I suppose the opposite would be how DH would look if he had to visit a beauty salon for something grin

So I guess the question is, who has dibs on the most / more important / better / more interesting spaces IYSWIM.

ThinkAboutItTomorrow Tue 24-Jun-14 22:04:37

I go to swanky hotels quite regularly and still don't feel comfortable at breakfast / in the bar etc.

I'd honestly never thought it was a male female thing as many of my female colleagues seem fine. I thought it was just me.

I suppose men do tend to do more business trips and be in the majority and they have less concern of being bothered by strangers.

But in general is shyness and reserve a gendered thing?

McBear Tue 24-Jun-14 22:17:59

It's easier for women in unknown situations as we are 'allowed'to show unsureness, look for comfort, play the damsel in distress.

Men are 'the rescuers', the ones that guide the way.

If I'm ever unsure, I stay quiet and smile. grin

LoveSardines Tue 24-Jun-14 22:29:31

Hmmm that's all well and good but what if you don't want random blokes approaching you just because you're on your own AKA lone woman in pub.

kickassangel Wed 25-Jun-14 02:44:55

can Ijust ask - has anyone EVER been in a bar/pub and had a drink sent over?

slightly different topic, but I have never experienced or seen this in rl, but it is always in the movies. Plenty of experience of a man coming up to start a conversation/chat etc (not so much now I'm older) but never, ever seen or know of a man sending a drink over to a woman.

I don't spend huge amounts of time in bars/restaurants by myself but it does happen a few times a year, so am just wondering.

It's a very sexist assumption, for many reasons, but why does the myth (or reality) exist except as a poor plot device?

DadWasHere Wed 25-Jun-14 04:33:02

Interesting question kickassangel. A bartender could probably answer better than anyone but its not my profession. Perhaps it varies from country to country. I have never seen it done nor heard any man ever say he sent one. Asking a woman if she wanted a drink, sure, but never simply sent.

In fact the only time I have ever heard of this being done, outside movies, was from a documentary, The Man Who Knew, where one of the women interviewed said that she sent John P. O'Neill a drink, which she said she had never done before nor since.

Romeyroo Wed 25-Jun-14 05:39:17

Yes, when I was travelling in the US, twenty years ago mind you, my female friend and I regularly got drinks sent over. I also got lots of coffee on the house. There was no obligation implied, I don't remember being bothered by male company as a result.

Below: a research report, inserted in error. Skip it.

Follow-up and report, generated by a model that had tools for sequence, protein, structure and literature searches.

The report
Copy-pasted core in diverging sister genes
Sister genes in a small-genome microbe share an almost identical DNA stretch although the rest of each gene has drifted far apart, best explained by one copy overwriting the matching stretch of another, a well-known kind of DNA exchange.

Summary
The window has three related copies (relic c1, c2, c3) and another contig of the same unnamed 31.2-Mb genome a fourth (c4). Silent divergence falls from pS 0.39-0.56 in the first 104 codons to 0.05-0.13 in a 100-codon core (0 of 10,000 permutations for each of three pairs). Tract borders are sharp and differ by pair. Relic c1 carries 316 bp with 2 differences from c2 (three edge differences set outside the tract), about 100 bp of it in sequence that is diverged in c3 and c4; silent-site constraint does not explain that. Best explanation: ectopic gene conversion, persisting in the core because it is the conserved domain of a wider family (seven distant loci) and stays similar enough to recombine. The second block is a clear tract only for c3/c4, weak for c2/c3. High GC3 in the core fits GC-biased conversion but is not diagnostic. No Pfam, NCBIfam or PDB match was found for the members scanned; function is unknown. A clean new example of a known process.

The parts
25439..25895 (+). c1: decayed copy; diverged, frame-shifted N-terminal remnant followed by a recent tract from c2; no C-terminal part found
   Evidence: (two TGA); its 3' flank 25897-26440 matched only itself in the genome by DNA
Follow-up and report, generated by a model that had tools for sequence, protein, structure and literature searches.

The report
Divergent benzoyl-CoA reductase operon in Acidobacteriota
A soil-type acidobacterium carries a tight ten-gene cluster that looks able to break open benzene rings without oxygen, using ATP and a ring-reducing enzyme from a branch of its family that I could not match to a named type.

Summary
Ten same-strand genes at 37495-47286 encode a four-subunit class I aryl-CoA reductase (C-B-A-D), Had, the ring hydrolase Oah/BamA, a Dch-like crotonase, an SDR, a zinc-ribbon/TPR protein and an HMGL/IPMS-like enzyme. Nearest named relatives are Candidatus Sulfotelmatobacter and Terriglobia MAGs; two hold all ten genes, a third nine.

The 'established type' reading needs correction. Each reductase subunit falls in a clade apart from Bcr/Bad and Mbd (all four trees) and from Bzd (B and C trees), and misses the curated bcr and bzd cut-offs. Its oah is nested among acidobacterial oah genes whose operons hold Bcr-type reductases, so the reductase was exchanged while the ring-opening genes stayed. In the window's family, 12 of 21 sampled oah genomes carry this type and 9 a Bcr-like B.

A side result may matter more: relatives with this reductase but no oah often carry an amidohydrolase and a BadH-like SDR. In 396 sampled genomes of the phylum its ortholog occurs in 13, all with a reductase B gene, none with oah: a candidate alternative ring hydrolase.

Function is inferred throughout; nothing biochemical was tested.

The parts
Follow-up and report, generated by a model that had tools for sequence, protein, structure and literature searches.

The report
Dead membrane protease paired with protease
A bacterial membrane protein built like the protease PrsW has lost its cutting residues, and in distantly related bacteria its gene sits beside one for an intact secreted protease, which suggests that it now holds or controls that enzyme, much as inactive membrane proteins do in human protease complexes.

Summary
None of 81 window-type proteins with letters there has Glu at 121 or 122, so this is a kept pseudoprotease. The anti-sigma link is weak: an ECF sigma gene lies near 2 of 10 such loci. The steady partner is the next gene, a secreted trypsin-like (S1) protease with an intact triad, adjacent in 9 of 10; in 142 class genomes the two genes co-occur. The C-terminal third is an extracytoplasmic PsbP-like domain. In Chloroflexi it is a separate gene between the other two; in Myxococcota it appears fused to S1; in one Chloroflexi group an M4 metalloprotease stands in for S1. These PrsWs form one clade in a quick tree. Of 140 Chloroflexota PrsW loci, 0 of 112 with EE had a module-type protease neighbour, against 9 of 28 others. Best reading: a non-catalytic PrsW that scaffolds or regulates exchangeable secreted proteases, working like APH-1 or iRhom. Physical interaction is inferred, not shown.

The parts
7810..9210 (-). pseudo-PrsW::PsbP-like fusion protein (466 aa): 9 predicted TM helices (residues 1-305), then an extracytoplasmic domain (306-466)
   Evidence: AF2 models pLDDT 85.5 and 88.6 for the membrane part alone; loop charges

I also remember it happening in continental Europe when another friend and I went to this disco place. That felt much more uncomfortable, maybe because of the location and getting more harrassment generally on that trip. We left sharpish.

To the OP, on the question of space, it is a really interesting point, whether men are still in command of public space, so to speak. I am going to look out for this.

Romeyroo Wed 25-Jun-14 05:45:36

Sorry, just to add, with the coffee, the chat would usually include some comments about their own Scottish ancestry (I am Scottish with stereotypical red hair!) so I think it was that mainly. It felt hospitable rather than sexist.

utterlyconflicted Wed 25-Jun-14 05:58:43

I have had two drinks sent over in my life!

Onc, when i was 19, after i had danced to ,ahem, Simply the Best by Tina Turner in a hotel disco. A drink arrived courtesy of the manager, with a message along the lines that I was a fab dancer. I accepted it and no-one followed it. Still feel chuffed now.

The other was when i was 30, with 3 gorgeous girls and a man sent over a bottle of Dom Perignon. Again, he didn't follow it. Just told us to enjoy ourselves.

SanityClause Wed 25-Jun-14 06:08:46

This is interesting.

The other day, I was standing at a counter, waiting my turn. There was a man ahead of me. He turned to walk past me, but, he didn't walk past me, but stood there, waiting for me to move. Which I did.

That really got me thinking - I was quite upset that I had moved, and wished I had stood my ground. I then imagined scenarios where he said "excuse me", and I pointed for him to go by me (there was plenty of room for him). And wondered what he would have done if I had stood my ground.